Was Einstein right to say that anyone who has not made a contribution to science by the age of 30 will never do so?
Cordelia Sealy, Editor, Materials Today
Available online 31 May 2006.
Last month I turned 35, but lucky for me I don't work for Ericsson. As widely reported, the telecoms firm has offered a voluntary redundancy package to 1000 of its Sweden-based staff aged 35-50. According to a statement, the company wants to make way for younger staff to redress an age imbalance in its workforce. Is Ericsson merely following Albert Einstein's advice, who reputedly stated that, “a person who has not made his great contribution to science before the age of 30 will never do so”?
And it's not just Einstein. Some recent research, which also gained wide coverage, has indicated that the majority of scientists make their most significant contributions before their early 40s [Kanazawa, J. Res. Personal. (2003) 37, 257]. Satoshi Kanazawa of the University of Canterbury, New Zealand took a random sample of 280 scientists and determined in which decade their peak productivity occurred. Nearly a quarter make their most significant contribution between the ages of 27 and 32, two-thirds do so by their mid-30s, and 80% by their early 40s. So even though Ericsson could potentially miss out on some significant innovations by setting the bar at 35, there may be a certain logic to the company's actions. Furthermore, another recent study by Francesco Daveri at Universitàdi Parma in Italy and Mika Maliranta at ETLA in Finland, which looked at a range of industries in Finland (including Nokia), found that an aging workforce is more of a burden for high-tech industries.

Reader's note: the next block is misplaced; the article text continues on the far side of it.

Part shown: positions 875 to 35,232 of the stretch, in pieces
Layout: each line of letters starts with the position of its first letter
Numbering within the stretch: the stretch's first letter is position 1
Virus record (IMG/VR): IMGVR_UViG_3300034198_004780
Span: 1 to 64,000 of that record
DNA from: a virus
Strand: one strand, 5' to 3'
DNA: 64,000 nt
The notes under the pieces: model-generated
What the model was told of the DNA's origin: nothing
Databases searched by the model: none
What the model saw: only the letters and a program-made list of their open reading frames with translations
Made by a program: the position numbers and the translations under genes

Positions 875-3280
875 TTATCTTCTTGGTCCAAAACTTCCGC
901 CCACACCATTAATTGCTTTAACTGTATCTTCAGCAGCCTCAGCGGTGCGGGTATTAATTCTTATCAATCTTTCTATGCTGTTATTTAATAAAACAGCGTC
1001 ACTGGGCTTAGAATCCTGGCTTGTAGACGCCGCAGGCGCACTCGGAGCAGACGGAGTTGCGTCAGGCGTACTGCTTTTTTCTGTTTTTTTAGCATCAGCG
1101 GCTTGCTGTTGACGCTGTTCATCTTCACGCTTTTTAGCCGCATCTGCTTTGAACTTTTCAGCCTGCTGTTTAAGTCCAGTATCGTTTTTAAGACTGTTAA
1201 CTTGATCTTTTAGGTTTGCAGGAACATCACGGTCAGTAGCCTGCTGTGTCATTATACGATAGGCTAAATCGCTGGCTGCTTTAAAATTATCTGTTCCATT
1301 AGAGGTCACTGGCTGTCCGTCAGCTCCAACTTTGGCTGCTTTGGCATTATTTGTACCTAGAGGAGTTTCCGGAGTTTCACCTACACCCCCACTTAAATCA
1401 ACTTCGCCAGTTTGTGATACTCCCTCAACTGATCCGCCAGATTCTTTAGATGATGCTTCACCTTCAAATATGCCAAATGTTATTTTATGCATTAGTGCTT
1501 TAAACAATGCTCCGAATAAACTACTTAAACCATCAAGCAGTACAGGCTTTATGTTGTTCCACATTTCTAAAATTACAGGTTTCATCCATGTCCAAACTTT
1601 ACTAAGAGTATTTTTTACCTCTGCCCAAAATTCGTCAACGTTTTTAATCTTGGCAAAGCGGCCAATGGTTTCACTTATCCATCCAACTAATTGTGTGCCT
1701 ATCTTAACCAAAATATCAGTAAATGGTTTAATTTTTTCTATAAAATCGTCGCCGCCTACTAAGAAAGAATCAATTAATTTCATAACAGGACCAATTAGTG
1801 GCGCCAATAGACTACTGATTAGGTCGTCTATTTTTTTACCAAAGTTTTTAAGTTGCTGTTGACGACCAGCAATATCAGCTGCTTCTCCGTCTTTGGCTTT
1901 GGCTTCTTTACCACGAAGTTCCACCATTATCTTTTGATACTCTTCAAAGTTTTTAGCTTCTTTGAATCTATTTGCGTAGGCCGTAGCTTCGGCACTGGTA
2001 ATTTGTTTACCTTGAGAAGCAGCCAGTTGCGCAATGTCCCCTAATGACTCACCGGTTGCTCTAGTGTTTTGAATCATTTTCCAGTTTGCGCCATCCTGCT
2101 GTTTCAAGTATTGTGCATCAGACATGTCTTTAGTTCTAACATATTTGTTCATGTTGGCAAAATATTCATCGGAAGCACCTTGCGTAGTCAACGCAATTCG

However, Kanazawa's analysis does not consider many women, whose productivity versus age relations for other fields such as jazz, art, and literature show a much more even spread and no marked peaks. Furthermore, argue critics, his analysis does not take account of other factors, such as life expectancy or demographics, which would influence the results. Other research along similar lines (for example, Keith Simonton at University of California, Davis) finds that most scientists tend to produce significant breakthroughs in each decade of their careers, usually with the final one in their 50s.
Whether or not one buys into the idea of ‘scientific burnout’, it is interesting that the scientific enterprise has developed into one that perpetuates this idea. Funding constraints push graduate students to finish their doctorates on time (in 3-4 years in the UK); post-docs typically run for three years or sometimes less; and many junior staff are employed on competitive tenure track schemes – all designed to bag that professorship by the time they are 40. And as it has often been said, such a system does not favor female participants (or late bloomers), by and large.
Is this the only way to do science? For the moment at least, it works rather too well to change. But with an aging population in the developed world and more women in the workforce, can it continue forever?